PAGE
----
Trump’s vulgar comments on women creates media storm while losing support
October 24, 2016
Filed under Special Reports
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In arguably the largest blow to his campaign, Republican presidential nominee Donald Trump lost several potential female voters after the release of audio of him making inappropriate comments toward women back in 2005.
His words are unprofessional and utterly insulting. Trump has a history of making unnecessary comments about women, including to fat-shaming former Miss Universe, Alicia Machado, sexualizing his own daughter in 1994 and recently, saying that presidential nominee Hillary Clinton doesn’t have a “presidential look.”
“The disrespect of our ambitions and intellect. The belief that you can do anything you want to a woman. It is cruel. It’s frightening,”Michelle Obama said in a speech in a Clinton rally on Oct. 13.
Trump’s recent scandal doesn’t necessarily come as a shocker, but with 55 percent of registered voters being female, there is no doubt that it won’t result without consequence. A survey conducted by ABC News after the release of the footage revealed that 62 percent of female responders are now more unlikely to vote for Trump.
“I wanted to be able to support my party’s nominee…However, I am a mom and an American first and I cannot…support a candidate for president who brags about degrading and assaulting women,” Republican senator Kelly Ayotte said.
I can’t fathom the idea of having such a disrespectful and misogynistic president running this country. Valuing a woman solely from her looks strips away the many positive and influential qualities she holds.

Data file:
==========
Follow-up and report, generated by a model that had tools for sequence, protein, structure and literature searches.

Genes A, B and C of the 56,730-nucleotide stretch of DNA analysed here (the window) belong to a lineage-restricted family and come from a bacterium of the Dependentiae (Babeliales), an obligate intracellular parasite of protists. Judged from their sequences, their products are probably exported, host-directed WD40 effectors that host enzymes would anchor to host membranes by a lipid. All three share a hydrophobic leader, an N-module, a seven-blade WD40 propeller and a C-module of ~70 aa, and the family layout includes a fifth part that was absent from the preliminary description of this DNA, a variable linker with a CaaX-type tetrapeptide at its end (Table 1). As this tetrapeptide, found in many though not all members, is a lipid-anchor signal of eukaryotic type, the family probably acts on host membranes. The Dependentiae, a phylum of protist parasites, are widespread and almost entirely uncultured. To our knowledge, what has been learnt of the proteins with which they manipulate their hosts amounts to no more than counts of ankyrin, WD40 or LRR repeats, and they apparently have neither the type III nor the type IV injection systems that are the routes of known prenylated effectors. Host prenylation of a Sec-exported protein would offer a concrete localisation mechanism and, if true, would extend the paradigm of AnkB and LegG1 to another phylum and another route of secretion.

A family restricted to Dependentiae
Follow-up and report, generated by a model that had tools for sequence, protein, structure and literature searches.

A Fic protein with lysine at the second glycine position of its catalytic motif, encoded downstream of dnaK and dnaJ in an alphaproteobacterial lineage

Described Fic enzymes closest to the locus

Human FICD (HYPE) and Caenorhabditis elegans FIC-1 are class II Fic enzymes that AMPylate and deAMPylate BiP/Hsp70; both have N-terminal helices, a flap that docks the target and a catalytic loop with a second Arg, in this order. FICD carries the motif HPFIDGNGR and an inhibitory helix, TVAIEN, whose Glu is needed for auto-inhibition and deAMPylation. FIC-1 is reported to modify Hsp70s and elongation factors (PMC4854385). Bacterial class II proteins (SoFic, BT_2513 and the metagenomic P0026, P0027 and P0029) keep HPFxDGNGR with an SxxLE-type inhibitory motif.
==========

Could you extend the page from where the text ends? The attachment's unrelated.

His immigration plans on and building a wall on the Southern border hits close to home because of my Hispanic background. Calling Hispanics criminals, “drug dealers” and “rapists” not only makes him unappealing, but is another example of his incompetence to be the leader of this country.
“When human rights are involved, when immigration rights are involved, when discrimination and racism is involved, we… have to take a stand,” journalist Jorge Ramos said.
Fortunately, Trump is low in the polls compared to Clinton, especially with Latino voters in swing state.
In an election where the female vote is essential and in a country with a growing population of Hispanics, I never expected to have been so intrigued and anxious over the results of the election this November. If there is one thing I know for sure: in no way is Trump suitable to become the president.
“This is not politics as usual,” Michelle Obama said. “This is disgraceful. This is intolerable.”